The “Cabaret BBF Style” I mentioned was a bit of a bust; while I wondered whether they meant “comic” as in funny or as in the medium, it turned out to be neither. Perhaps the lack of a crowd in front of the Main Stage threw off their nerve a bit.

More enjoyable was the “Finding the Funny: The Humor of the Everyday” panel, which took place inside the Borough Hall Courtroom and featured John Hodgman, Sloane Crosley, Kristen Schaal, and Rich Blomquist. It really has nothing to do with comics, but I mention it so that you don’t think we were totally down on the festival.

Further images below the cut.

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Brooklyn Book Festival: Nonfiction or Nuthin’

Tuesday, September 14th, 2010

This past Sunday was the Brooklyn Book Festival, an annual gathering of book publishers and authors held at Brooklyn Borough Hall. Out of all the events taking place on this rainy Sunday, one stood out as a panel of interest for us, “The International Graphic Novel: Drawing from Life.”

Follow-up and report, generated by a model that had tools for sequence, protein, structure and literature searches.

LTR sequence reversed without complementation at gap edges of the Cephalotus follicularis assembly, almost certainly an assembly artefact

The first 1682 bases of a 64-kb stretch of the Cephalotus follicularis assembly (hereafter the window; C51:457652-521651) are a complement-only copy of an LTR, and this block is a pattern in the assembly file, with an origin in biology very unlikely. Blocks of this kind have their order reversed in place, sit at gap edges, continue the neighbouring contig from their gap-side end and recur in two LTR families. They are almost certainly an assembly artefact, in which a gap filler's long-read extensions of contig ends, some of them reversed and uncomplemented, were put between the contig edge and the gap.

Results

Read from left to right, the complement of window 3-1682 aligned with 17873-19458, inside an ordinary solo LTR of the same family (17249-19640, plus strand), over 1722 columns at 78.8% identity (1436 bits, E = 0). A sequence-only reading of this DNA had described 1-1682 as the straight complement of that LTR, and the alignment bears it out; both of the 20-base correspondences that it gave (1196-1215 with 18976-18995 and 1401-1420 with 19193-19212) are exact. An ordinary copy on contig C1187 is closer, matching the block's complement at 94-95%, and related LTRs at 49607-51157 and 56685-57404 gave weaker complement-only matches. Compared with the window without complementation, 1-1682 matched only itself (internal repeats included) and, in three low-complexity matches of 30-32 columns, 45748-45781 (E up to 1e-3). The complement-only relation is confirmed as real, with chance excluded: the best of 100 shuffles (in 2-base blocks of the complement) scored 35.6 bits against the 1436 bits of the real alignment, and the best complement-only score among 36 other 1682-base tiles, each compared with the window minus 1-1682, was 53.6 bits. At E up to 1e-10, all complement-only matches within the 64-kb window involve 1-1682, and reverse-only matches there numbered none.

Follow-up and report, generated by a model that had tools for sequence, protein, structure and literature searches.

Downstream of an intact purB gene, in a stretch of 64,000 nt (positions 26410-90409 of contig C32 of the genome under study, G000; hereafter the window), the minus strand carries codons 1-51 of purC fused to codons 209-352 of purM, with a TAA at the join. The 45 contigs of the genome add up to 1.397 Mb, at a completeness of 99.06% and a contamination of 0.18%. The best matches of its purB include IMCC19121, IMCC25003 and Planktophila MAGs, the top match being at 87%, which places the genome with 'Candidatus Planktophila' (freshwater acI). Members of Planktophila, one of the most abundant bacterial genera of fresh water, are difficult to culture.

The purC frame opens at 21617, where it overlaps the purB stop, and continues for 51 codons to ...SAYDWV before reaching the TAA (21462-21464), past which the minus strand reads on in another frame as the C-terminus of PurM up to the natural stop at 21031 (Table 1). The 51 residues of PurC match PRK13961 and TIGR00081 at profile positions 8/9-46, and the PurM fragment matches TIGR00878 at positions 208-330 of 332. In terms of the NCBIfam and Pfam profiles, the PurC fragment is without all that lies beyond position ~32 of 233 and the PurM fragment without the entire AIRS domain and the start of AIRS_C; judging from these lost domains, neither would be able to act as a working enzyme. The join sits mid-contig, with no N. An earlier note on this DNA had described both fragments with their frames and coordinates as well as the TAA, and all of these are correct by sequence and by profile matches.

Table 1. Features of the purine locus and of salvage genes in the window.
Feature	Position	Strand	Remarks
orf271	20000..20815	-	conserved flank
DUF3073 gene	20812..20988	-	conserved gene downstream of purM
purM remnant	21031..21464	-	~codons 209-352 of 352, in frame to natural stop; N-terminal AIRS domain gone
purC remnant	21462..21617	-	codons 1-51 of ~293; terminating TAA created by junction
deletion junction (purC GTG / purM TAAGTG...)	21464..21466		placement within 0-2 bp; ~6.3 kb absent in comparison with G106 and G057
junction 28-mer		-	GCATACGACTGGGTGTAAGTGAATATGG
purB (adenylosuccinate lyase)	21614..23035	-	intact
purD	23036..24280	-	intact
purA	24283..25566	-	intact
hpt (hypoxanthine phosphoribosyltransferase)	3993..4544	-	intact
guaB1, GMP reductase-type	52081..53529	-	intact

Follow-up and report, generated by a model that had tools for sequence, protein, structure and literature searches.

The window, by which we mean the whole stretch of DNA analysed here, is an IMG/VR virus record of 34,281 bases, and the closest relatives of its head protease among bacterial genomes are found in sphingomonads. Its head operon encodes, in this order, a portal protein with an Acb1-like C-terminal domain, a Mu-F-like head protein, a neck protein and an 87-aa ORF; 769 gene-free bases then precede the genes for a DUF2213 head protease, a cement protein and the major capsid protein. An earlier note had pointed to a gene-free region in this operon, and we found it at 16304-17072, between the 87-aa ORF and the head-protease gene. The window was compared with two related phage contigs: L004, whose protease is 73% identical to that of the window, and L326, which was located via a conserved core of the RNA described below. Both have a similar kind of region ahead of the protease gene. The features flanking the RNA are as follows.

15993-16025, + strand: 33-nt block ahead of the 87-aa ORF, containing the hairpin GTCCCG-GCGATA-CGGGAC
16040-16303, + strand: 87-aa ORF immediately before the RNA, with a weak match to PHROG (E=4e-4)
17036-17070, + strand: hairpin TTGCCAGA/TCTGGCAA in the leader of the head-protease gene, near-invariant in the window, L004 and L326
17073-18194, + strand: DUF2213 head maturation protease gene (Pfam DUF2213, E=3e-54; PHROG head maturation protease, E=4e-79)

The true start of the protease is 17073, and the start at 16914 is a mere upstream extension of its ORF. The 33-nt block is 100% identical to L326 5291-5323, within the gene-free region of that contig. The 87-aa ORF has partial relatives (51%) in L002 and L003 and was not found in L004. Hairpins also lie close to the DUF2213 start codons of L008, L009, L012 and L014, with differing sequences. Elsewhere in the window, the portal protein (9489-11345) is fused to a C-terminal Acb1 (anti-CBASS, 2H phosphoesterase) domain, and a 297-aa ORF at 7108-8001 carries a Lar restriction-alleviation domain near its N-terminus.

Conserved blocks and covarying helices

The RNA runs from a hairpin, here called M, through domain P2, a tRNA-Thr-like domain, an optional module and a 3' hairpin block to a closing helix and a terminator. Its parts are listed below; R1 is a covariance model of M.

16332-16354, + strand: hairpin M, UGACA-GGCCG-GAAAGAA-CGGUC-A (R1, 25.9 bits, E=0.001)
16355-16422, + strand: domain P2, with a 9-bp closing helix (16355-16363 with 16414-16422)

The panel consisted of (left to right) Jessica Abel (La Perdida), Matt Madden (Drawing Words and Writing Pictures), Josh Neufeld (A.D.), and Nick Abadzis (Laika); we arrived at the festival in time to catch the last half-hour of the panel. Matt Madden was listed as moderator, but they appear to have chosen to let the conversation flow free-form instead. This may have been a mistake, as the panel wound up bringing up opinions on manga and fiction comics that may have come off differently than they intended. When asked about manga and whether or not it influenced any of their works, the panel as a whole decided to classify manga as a separate, though parallel medium to American comics. Bringing my own opinion into the matter, I think this is a very narrow way of looking at manga. There are tons of manga in Japan, many of which are based on nonfiction events or an author’s life story. Similarly, art styles vary depending on the story; not every manga is going to have big eyes and round heads. The only thing that makes manga different from American comics is that it is Japanese, and American comics are American. If we were to go along with this line of thinking, European comics would be separate but parallel as well, even if they do share similar references and style to what we have here. And yes, manga is usually presented in chapters in magazines before being collected in bigger volumes at a later date, but that is a distribution decision more than a style choice.